April Ponnuru has organised the campaign on behalf of The Committee For Freedom in Hong Kong Foundation (CFHK). It was her idea for children at her daughter’s school, in Virginia, to send supportive postcards to Lai after learning he is a devout Catholic.

“My children are in a Catholic school and are Catholic, and I was thinking about how Catholics believe in the idea called corporal works of mercy, and they are these physical acts we do for people that import a lot of grace and mercy, and one of those is visiting the imprisoned,” she said.

She explained how Lai being persecuted for his ideas and belief – not only political but also regarding his faith – inspired her to contact her children’s school.

“This is a great example for these kids of somebody who stood up for their faith and is suffering unjust consequences for that. I thought they could write postcards to Jimmy and tell him they know a little bit of his story, and they’re praying for him and admire him.”

Lai is currently held at Stanley Prison, a maximum-security facility in Hong Kong where he has spent time in solitary confinement. Already a believer, he has found strength through his faith. A drawing of Jesus Christ on the cross done by Lai from prison was printed on the postcards the children sent.

This drawing was originally published in Index on Censorship’s spring 2022 magazine, alongside letters of his, many of which reference his faith.

Ponnuru said: “We thought it would be nice to include some religious art by Jimmy, and it would be a really meaningful thing that this art he sent out in the world would come back to him from a lot of children. For the children it was a great way to participate in corporal works of mercy that they ordinarily wouldn’t be able to do so. By sending him a card and message, they are visiting him.”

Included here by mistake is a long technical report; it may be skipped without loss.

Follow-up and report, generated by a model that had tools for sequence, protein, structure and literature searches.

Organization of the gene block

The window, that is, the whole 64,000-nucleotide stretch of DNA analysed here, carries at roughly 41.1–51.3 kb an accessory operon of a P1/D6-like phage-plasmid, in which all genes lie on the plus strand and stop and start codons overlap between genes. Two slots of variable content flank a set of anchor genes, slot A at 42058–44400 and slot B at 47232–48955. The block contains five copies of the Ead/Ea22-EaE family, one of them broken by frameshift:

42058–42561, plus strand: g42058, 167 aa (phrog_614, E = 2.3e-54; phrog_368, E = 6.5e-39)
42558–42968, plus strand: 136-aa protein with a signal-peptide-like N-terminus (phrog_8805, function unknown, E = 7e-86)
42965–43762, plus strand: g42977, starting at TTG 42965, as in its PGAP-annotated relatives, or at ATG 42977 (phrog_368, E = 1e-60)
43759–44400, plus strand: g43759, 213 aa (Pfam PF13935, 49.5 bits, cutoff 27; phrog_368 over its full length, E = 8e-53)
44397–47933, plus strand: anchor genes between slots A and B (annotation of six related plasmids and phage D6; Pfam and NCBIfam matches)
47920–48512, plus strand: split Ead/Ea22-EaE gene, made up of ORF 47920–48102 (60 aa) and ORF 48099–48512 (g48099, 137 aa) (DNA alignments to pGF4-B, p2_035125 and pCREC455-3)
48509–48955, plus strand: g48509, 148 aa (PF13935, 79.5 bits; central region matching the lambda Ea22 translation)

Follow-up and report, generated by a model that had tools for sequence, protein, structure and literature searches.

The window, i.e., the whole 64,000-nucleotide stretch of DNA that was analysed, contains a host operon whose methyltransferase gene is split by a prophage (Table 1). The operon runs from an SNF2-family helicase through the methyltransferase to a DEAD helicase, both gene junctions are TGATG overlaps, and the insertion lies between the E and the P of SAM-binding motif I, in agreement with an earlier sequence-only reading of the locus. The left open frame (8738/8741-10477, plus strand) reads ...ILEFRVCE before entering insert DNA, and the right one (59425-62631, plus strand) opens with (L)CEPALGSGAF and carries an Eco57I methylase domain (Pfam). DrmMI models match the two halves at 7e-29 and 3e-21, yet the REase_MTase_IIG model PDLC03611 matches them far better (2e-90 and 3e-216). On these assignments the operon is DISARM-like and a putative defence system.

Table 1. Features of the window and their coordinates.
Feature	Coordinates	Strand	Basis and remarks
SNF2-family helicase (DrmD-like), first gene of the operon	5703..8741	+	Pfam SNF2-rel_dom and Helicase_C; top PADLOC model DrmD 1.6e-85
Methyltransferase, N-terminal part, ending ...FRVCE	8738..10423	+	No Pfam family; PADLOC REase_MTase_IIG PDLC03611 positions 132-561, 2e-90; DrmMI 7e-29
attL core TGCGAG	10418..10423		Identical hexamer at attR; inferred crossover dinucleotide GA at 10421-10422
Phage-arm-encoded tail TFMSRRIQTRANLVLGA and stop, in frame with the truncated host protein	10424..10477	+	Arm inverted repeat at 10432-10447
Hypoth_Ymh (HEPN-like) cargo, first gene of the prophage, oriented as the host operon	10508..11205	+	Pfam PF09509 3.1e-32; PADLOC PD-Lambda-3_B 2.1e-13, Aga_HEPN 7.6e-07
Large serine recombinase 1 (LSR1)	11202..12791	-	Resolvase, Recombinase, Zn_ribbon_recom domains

Jimmy Lai’s drawing of Jesus Christ.

She is eager to point out that she wants any child to have the opportunity to send a postcard, as the message of the project should not be defined just by Catholicism.

“This isn’t limited to Catholic schools. We would love any child to participate, children of all faiths and no faith. It’s about understanding the injustice of what is happening to Jimmy and others in Hong Kong. This pilot programme is just the beginning, and we would be very happy to create a postcard that would be appropriate for students at public and other schools to send as well,” Ponnuru said.

“Overall, a number of people have said to me they would love to bring it to their school, and priests have told me they are interested in copying the programme. We are going to write to other schools to encourage them to join the project.”

It’s understood the postcards were received in prison within three months of being sent, and that Lai is being allowed to read one daily, enabling him to have regular contact with the outside world.

If you would like more information about the project, and to request postcards for Jimmy Lai, please contact [email protected].[/vc_column_text][/vc_column][/vc_row]